4. Contact the Office of Research Compliance and Integrity if the investigator wants to proceed immediately (e.g., pursuant to a search warrant) so that a University representative can be present as soon as possible for any interview or search;
  5. If possible, schedule a later date for any requested interview so that a University representative can be present; and
  6. Decline to provide the names and nationalities of any students, faculty, or staff members, but inform the investigator that he or she can contact the Office of Research Compliance and Integrity regarding requests for information. You may state you are not authorized to release information under state law and University policy.

Q:  Why do outside investigating agencies seek to conduct unannounced on-site visits and interviews?

A:  The University’s research activities are subject to a wide range of laws and regulations, and as an institution with an international reputation, the University attracts students and researchers from around the world.  These factors combine to make the UC Merced, along with other top research institutions, the focus of state and federal compliance initiatives.

As a public research institution, the UC Merced generally engages in “fundamental research,” the results of which are freely published. Thus, there are very few instances where export control issues arise on University of California campuses. Being engaged in fundamental research, we generally do not restrict individuals who can engage in research based on the nationality or citizenship status. Nonetheless, UC Merced is subject to regulatory oversight, and on-site visits to monitor compliance are inevitable.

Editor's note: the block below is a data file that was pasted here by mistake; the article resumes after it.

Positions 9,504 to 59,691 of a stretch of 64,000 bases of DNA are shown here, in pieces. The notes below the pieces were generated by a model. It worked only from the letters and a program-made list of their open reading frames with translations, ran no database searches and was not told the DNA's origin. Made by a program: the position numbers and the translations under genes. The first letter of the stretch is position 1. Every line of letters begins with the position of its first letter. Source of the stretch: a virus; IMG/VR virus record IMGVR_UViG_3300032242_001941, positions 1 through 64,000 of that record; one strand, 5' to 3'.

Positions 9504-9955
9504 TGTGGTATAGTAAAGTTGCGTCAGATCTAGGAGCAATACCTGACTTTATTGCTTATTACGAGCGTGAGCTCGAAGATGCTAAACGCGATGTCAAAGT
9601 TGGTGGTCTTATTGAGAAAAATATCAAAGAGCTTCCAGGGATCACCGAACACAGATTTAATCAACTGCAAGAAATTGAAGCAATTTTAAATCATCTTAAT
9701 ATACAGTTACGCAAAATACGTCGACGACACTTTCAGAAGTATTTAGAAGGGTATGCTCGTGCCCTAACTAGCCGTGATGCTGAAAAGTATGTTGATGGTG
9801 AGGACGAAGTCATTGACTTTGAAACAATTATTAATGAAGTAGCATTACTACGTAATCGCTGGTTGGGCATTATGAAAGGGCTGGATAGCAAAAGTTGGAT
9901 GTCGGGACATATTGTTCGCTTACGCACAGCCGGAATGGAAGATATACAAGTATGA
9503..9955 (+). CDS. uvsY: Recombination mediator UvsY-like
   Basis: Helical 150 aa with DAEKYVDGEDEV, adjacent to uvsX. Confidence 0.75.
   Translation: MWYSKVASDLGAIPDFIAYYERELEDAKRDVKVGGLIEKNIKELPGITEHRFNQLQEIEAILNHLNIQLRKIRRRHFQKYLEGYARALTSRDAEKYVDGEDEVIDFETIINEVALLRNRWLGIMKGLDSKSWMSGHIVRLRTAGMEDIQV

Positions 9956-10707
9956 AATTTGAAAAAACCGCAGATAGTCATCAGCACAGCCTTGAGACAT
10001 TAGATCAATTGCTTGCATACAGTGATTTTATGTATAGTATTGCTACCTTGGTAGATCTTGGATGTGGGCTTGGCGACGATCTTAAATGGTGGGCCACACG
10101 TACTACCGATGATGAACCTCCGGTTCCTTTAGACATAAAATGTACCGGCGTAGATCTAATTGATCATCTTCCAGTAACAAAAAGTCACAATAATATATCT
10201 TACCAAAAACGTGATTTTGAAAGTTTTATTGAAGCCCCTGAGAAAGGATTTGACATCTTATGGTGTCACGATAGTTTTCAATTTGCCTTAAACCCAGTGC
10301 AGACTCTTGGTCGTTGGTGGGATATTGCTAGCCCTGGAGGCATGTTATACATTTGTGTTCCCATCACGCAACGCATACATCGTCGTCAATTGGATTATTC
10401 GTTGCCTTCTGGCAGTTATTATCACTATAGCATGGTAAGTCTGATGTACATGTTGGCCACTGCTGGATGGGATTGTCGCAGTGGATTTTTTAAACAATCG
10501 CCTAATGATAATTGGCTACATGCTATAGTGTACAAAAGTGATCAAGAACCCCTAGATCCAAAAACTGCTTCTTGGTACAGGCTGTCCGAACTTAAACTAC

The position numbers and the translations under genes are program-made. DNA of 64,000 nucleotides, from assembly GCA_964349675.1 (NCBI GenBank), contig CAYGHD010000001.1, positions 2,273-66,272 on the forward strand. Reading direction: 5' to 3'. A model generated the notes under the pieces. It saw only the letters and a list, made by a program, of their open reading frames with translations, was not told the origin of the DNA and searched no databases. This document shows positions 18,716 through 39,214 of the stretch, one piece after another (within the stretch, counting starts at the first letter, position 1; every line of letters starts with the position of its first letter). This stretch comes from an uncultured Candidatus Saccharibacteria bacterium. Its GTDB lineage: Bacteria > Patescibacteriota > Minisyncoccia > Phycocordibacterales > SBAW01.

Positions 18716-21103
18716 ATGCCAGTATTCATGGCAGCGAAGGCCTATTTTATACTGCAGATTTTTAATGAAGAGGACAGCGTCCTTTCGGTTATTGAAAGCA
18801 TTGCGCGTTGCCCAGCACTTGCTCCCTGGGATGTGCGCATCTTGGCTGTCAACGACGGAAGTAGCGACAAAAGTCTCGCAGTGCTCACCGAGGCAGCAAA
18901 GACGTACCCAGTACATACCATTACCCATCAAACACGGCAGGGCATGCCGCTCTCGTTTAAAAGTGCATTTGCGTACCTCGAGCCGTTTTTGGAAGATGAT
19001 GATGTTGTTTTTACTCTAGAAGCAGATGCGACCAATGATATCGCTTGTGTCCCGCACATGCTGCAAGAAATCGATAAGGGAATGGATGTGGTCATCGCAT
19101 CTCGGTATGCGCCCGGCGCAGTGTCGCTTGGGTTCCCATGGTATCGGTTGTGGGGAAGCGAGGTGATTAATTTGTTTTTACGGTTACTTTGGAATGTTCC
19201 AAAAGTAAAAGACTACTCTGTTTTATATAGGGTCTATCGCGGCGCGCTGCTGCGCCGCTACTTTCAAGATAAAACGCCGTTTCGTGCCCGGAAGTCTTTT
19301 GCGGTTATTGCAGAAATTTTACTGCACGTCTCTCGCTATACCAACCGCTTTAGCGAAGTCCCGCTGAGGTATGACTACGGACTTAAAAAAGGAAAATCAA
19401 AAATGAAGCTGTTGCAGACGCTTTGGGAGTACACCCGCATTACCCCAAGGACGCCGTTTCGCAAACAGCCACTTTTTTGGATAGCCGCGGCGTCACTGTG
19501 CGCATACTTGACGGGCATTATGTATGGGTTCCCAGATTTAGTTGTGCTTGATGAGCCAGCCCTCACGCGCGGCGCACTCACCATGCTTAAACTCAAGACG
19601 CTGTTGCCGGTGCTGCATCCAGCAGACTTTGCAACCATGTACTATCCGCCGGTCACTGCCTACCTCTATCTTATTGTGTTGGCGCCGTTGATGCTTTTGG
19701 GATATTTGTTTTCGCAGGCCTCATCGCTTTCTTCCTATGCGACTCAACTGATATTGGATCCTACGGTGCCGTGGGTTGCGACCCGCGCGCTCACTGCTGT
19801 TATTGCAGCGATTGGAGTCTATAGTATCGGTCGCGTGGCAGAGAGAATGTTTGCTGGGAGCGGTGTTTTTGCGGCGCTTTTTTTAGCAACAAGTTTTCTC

Q:  Do outside investigating agencies have the right to come on university property and compel university students, faculty and staff members to answer questions and provide documents?
A:  Nothing can stop an outside investigating agency from attempting to interview members of the University community, and we cannot prohibit anyone from engaging in interviews if they choose to participate. Unless the investigating agency presents a subpoena, court order, national security letter or other legal document compelling participation, students, faculty and staff members can decline to participate in immediate interviews and ask that the agency contact the Office of Research and Economic Development to schedule a site visit when a University representative can be present. 
 
Q:  What should I do if the outside investigating agency presents a search warrant?  
A:  In the unlikely event that an agency presents a search warrant compelling immediate action (as opposed to a subpoena or other document that provides a date by which the University must comply), carefully review the document to verify it is a search warrant.  Although the investigating agency is unlikely to defer its search, immediately contact the Office of Research Compliance and Integrity so a University representative can be present as soon as possible.